= Eye Herpes | Information, Symptoms & Care Options v

Ocular Herpes (Eye Herpes)

Description   Viruses   Types   Symptoms   Causes   Treatment  

When one of the herpes viruses, herpes simplex 1 or herpes zoster, manifests in the eyes, it is called ocular herpes or herpetic eye disease. Ocular herpes may cause scarring, chronic inflammation, lesions, and ulcers that damage different layers of the cornea. It is the most common infectious cause of corneal blindness in the U.S.

Many people become infected with one of these viruses during childhood; they can be passed from one person to the other because the virus is contained in the moist skin that lines the mouth. In many people, the primary infection does not cause any symptoms. The most common time for a first active infection is between the ages of 30 and 40, and it may be more common in people who wear contacts. Because it affects the nerves directly, herpetic eye disease can be very painful.

Both viruses never leave the body after an initial infection; this can result in periodic flare-ups through one’s life, causing potential pain, including in the face and eyes. It is not known why the virus can suddenly flare-up, but it may be due to stress, low immunity, and/or trauma.

Most flare-ups will resolve within a few weeks in non-immunocompromised people, and in some, flare-ups can recur through one’s lifetime, possibly posing sight threatening eye problems.

What is Ocular Herpes?

Herpes simplex keratitis occurs when the herpes simplex 1 virus (HSV) infects the cornea or the white part of the eye. The term keratitis means an inflammation of the cornea. The virus first attacks the corneal epithelium, the thin outer layer of the cornea. This layer plays an important role in protecting the eye. It blocks intrusion from foreign materials and provides a smooth surface to absorb oxygen and cellular nutrients that are delivered through the tear film that lies on top of it. The epithelium also contains many nerve endings; it’s very sensitive.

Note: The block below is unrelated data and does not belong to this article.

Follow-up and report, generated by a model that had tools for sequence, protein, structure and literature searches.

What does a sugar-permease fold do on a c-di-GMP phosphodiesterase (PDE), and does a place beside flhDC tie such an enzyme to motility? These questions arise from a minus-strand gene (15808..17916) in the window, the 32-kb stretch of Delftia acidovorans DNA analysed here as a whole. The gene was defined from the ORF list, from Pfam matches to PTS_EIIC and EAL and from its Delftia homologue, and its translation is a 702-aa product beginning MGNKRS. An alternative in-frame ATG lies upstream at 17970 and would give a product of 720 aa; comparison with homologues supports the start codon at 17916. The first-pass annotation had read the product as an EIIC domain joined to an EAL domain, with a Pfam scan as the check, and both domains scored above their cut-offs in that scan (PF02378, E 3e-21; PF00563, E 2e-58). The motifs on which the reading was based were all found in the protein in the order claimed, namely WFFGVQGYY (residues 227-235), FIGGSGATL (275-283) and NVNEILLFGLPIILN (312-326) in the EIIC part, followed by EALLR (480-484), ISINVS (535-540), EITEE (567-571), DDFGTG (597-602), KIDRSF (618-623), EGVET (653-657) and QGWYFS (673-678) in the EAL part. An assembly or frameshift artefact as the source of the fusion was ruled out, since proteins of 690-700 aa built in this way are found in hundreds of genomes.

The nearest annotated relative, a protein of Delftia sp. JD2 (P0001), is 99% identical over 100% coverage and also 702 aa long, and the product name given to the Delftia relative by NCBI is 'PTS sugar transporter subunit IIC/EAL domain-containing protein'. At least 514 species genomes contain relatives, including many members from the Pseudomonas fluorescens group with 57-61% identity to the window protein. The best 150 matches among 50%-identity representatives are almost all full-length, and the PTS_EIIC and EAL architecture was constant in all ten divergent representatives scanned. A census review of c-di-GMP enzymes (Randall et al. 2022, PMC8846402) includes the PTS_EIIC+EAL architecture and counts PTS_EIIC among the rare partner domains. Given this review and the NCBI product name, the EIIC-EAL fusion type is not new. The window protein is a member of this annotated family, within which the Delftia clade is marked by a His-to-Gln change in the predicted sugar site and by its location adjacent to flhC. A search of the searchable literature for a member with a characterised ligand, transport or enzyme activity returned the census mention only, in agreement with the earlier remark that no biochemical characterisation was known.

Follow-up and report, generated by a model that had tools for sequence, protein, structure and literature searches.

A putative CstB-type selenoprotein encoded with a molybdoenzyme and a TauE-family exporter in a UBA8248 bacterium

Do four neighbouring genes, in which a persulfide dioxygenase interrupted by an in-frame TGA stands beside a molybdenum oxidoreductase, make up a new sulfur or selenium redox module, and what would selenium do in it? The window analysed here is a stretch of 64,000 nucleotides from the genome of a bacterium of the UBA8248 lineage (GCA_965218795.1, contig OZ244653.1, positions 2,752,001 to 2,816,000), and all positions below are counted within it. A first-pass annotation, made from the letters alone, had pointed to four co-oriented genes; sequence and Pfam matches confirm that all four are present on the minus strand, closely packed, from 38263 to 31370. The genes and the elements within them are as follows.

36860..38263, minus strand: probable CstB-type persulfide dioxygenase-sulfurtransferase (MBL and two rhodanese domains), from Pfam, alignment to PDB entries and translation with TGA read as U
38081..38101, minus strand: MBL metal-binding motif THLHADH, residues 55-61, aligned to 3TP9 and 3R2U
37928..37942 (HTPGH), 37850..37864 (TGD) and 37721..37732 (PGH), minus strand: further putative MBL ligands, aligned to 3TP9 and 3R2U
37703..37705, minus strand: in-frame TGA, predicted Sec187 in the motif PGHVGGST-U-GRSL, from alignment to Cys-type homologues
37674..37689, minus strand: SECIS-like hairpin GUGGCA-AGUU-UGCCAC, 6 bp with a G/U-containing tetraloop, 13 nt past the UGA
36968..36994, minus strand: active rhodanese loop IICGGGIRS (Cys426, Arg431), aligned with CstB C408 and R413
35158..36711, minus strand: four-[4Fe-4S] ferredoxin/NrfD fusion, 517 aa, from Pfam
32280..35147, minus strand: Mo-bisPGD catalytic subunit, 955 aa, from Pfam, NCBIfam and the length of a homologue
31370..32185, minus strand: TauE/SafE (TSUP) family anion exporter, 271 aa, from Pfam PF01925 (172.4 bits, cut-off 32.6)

When a virus attacks the cornea, this outer epithelium layer becomes red, irritated, and painful, because the nerve endings serving the cornea also become infected. The extent of damage can vary widely, sometimes healing by itself within a week to ten days. If the virus recurs at a latter time, however, the results can be more serious, including ulcers and lesions that extend to the stroma layer of the cornea. The stroma layer is a thick layer comprised of water, layers of protein fibers, and cells delivering nourishment.

There are two major types of this virus. Type I is the most common and is not sexually transmitted, while Type II typically infects the genitals. Of the two types, Type I more commonly affects the eye, often resulting in symptoms such as eye infections, cold sores, or blisters.

Herpes zoster ophthalmicus, which has initial symptoms that may be similar to herpes simplex keratitis, occurs when the varicella zoster virus, dormant in most people, attacks the ophthalmic nerve. It spreads to the epithelial layer of the cornea, then to the stroma layer. In 40–50% of cases, anterior uveitis also develops. Skin rashes around the eyes are another characteristic result.

Types of Viruses

Two types of viruses are found: herpes simplex 1 (cold sores, herpes) and varicella zoster (chicken pox, shingles), causing herpes simplex keratitis and herpes zoster ophthalmicus, respectively.

Herpes simplex 1 virus is common; 50–80% of Americans carry the antibodies, depending on the socioeconomic group, and ocular infection from this virus affects about .008% to .03% of the population.

Varicella zoster virus was once very common; in the pre-inoculation era, 95% of children had the varicella antibodies before age 20. It is still carried by about 20% of the population. About 1% of these people develop herpes zoster ophthalmicus.